Dexter Filkins, of The New York Times, writes an update/profile on Iraqi Prime Minister Iyad Allawi. Although brief and opinionated it is worth a read because the essence of it seems to be true. That is, Allawi is a tough guy, with a reputation for being a cruel and efficient man, and that fact and reputation is sitting well with the Iraqis. They are, in effect, giving him full power to achieve peace and unity. Allawis main problem is the Baathist/Sunni insurgency and he has to be both soft (offering amnesty to some) and hard (threatening to kill the others). This is his attempt to divide the Sunnis. He has seemed--from the beginning of his a rule--to understand that cruelties can be badly used or well used.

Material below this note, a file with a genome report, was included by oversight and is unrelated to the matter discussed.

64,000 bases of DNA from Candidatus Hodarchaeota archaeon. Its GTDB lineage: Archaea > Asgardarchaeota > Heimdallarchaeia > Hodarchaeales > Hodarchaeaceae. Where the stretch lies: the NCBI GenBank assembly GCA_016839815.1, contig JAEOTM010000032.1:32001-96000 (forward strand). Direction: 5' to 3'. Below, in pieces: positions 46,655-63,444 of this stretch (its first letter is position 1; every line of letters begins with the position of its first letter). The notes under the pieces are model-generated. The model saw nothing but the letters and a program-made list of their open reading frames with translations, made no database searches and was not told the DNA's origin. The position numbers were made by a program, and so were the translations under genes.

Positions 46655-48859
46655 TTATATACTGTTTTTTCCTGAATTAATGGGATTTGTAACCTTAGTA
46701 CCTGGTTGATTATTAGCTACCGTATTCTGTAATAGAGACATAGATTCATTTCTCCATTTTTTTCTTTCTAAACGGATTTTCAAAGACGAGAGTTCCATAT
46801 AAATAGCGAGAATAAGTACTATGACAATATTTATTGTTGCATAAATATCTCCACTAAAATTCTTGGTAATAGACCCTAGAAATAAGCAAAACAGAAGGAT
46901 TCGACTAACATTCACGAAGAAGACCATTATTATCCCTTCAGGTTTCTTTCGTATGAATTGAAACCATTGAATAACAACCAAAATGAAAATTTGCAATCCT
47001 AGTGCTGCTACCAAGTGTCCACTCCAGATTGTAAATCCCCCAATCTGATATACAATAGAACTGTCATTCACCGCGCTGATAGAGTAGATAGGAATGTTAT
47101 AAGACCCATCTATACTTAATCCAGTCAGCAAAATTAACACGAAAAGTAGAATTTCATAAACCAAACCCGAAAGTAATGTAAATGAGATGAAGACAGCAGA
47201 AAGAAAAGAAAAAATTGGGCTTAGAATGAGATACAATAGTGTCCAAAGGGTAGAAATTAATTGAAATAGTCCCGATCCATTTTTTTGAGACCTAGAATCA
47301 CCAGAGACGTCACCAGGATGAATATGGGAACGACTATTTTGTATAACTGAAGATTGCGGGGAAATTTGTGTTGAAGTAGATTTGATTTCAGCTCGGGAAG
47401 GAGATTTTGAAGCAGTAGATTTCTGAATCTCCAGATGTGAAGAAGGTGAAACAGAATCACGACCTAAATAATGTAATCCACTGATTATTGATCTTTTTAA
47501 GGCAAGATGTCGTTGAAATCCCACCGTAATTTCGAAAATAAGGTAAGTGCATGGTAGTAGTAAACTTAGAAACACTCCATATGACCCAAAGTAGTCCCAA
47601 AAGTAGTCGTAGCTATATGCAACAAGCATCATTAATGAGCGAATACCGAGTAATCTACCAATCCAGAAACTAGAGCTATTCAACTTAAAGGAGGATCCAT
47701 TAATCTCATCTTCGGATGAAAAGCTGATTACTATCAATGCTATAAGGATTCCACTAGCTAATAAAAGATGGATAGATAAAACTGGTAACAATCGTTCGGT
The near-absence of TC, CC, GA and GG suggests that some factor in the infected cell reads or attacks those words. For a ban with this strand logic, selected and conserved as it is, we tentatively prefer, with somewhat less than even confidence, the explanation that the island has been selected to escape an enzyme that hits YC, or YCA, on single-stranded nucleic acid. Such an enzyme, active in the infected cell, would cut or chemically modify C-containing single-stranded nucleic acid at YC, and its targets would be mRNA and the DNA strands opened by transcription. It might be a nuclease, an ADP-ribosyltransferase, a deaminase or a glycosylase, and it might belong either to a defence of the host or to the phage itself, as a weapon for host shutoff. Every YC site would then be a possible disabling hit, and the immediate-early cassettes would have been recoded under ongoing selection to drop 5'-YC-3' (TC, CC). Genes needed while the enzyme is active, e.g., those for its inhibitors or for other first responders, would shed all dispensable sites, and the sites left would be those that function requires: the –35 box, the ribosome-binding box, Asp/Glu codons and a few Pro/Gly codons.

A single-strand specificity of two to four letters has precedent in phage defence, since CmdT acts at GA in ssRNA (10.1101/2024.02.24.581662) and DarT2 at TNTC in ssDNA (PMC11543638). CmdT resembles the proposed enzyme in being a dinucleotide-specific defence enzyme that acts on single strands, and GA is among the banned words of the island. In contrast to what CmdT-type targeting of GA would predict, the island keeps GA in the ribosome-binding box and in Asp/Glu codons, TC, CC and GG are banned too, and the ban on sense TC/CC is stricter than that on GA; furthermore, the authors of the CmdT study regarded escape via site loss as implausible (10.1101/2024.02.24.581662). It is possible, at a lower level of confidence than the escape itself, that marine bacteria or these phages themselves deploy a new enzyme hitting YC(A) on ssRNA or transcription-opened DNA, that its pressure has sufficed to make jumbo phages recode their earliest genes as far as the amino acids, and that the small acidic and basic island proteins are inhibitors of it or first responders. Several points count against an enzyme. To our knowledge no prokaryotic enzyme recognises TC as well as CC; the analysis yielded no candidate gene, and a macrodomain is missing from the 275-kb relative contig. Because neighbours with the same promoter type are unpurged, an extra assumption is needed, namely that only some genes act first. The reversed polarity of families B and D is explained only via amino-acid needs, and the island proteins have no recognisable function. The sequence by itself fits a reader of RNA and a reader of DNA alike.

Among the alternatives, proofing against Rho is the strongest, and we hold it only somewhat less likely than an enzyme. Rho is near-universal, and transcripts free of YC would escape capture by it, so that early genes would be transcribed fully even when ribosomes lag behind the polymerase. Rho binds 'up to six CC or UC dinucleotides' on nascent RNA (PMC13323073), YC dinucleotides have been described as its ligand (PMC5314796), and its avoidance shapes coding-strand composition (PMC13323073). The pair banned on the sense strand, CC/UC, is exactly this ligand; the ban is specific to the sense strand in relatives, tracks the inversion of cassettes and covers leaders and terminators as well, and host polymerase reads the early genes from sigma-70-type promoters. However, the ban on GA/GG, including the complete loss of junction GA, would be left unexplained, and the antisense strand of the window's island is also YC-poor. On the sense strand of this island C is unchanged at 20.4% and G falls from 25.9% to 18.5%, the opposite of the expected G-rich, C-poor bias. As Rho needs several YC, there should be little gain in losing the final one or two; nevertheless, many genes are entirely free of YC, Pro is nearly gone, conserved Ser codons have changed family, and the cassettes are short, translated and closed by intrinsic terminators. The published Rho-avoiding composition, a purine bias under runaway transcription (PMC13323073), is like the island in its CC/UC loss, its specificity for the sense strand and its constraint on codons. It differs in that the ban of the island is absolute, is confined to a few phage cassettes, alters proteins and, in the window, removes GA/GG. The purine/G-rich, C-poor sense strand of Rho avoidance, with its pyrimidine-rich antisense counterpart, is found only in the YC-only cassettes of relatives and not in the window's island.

The fact that he has been--at different times--both a part of the Saddam regime and a part his conquerors (the CIA, specifically) only adds to his credibility for toughness. And this is in his interest. It is possible that in order to achieve peace he will have to become more ferocious, and, it is possible that he will not mind that his reputation so suffer that he will have to be replaced, and chastized, by the future elected leader of the new Iraq. Yet, he will have fulfilled his mission to unify and pacify Iraq and his replacement will find an Iraq more easy to govern. I am betting he succeeds because he has found the solution to the problem of faction.